The best filament for printing cookie cutters

We are already familiar with the infinite uses that 3d printing enthusiast re finding every day. It should be of no surprise that this incredible technology has also reached the culinary world in the form of kitchen utensils.

One of the most popular 3D printed parts for kitchen use is none other than cookie cutters, since it allows us to print our own designs. But before we get started printing tons of designs, we should first research if they are safe to use.

Because cookie cutters are only in direct contact with food for a few seconds, most filaments are safe to use for this purpose, but generally speaking, PETG should be your filament of choice since it’s used for making water bottles, etc. and is considered to be the safest type of filament.

You should always keep in mind that most filaments are not dishwasher safe. Additionally, PLA has a low glass transition temperature, which makes it unsuitable to be washed with warm water.

Are 3D printed cookie cutters safe?

Mathematics Cookie Cutters. Link at end of article

Cookie cutters are a great baking tool to bring uniformity to baked treats.  The number one rule of any well-run kitchen is good hygiene. This goes beyond clean surfaces and utensils to what can’t be seen with the naked eye. We’re talking bacteria,  chemicals, and other non-visible toxins.

Printing your own 3D cookie cutters allows you to create your own unique designs. Getting creative with designs can be just as much fun as baking cookies. But you must always be aware of food safety as not all filament types are food-friendly.

Some filaments may contain chemicals that should not be used with food at all. Any chemical transfer to food will not be neutralized through cooking or baking.

PLA filament is normally considered safe as it is made from organic corn starch but beware of additives in the filament. Additives are used for color and strength and may not be food safe. It is best to check with the manufactures to confirm if their specific filament is food safe.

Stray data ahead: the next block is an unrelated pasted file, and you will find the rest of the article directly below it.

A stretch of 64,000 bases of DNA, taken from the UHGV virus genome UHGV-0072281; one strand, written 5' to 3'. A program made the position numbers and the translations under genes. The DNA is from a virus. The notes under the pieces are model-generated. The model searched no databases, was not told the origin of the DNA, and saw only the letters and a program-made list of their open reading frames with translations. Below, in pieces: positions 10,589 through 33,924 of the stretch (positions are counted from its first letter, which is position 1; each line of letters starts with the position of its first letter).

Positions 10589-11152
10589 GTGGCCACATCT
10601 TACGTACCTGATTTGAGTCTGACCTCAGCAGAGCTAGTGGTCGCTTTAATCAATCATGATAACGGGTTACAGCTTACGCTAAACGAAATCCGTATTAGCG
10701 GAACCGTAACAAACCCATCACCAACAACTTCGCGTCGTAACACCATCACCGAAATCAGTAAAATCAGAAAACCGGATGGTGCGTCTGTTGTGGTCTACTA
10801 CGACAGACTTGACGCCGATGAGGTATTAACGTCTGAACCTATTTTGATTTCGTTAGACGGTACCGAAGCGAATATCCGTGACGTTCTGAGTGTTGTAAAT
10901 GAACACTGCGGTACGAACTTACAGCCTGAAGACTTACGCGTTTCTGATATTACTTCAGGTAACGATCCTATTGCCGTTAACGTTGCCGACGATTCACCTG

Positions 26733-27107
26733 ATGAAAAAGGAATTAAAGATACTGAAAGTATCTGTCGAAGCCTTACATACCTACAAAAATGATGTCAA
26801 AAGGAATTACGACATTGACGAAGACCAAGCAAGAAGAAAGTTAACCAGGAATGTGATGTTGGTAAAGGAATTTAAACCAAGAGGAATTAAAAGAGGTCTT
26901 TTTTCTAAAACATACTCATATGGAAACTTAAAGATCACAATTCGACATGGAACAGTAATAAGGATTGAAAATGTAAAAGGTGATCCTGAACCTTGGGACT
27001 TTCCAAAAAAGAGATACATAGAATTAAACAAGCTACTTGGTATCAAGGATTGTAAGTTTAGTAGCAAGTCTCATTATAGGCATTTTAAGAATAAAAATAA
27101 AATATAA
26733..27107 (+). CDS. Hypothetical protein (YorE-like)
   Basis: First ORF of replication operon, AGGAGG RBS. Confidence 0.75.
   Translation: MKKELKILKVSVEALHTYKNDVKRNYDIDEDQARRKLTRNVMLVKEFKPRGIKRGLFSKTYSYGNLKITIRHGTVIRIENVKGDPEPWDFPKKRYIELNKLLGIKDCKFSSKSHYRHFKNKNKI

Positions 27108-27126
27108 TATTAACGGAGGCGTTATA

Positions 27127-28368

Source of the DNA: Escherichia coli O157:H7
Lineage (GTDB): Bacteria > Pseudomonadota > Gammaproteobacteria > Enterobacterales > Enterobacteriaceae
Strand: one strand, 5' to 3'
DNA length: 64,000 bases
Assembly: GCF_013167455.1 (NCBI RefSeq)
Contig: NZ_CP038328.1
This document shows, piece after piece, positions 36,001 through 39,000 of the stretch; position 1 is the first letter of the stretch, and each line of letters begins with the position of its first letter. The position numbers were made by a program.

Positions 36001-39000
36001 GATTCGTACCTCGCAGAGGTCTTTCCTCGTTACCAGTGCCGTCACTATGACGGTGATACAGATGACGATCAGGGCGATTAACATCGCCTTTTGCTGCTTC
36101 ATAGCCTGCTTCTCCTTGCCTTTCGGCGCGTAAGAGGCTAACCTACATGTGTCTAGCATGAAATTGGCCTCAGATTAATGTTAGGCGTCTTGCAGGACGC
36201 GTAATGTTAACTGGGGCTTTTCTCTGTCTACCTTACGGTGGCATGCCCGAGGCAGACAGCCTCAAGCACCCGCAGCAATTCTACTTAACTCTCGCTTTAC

Normally all food-safe filament will have this boldly printed on the packaging. Only use a filament that has been FDA approved for use with food.

ABS filament contains harmful chemicals and is not food safe at all. Chemicals will seep into food and may cause health complications in the long term. It is best to avoid using ABS anywhere around food. Having said this, it still remains a controversial subject, as some believe that limited use is fine. Either way, you will be the one to make the final choice.

Printing 3D kitchens utensils using filament has to be safe. If there are any risks to your health, you are entitled to know them. It’s best to confirm what filaments are food safe. The little extra homework will give you peace of mind.

Safest filaments for cookie cutters

To stay on the safe side, print with PLA or PETG (preferably PETG) and avoid using ABS and ASA.

Some ABS filaments have been approved by the FDA, so if you really want to use ABS filament, consider finding those specific filaments that have been approved.

Make sure that the filament pigment is not toxic. For example, if using Prusament (Prusa Research), avoid using its army green PLA. A general rule of thumb is to go natural and focus on the purpose rather than your cookie cutter’s look.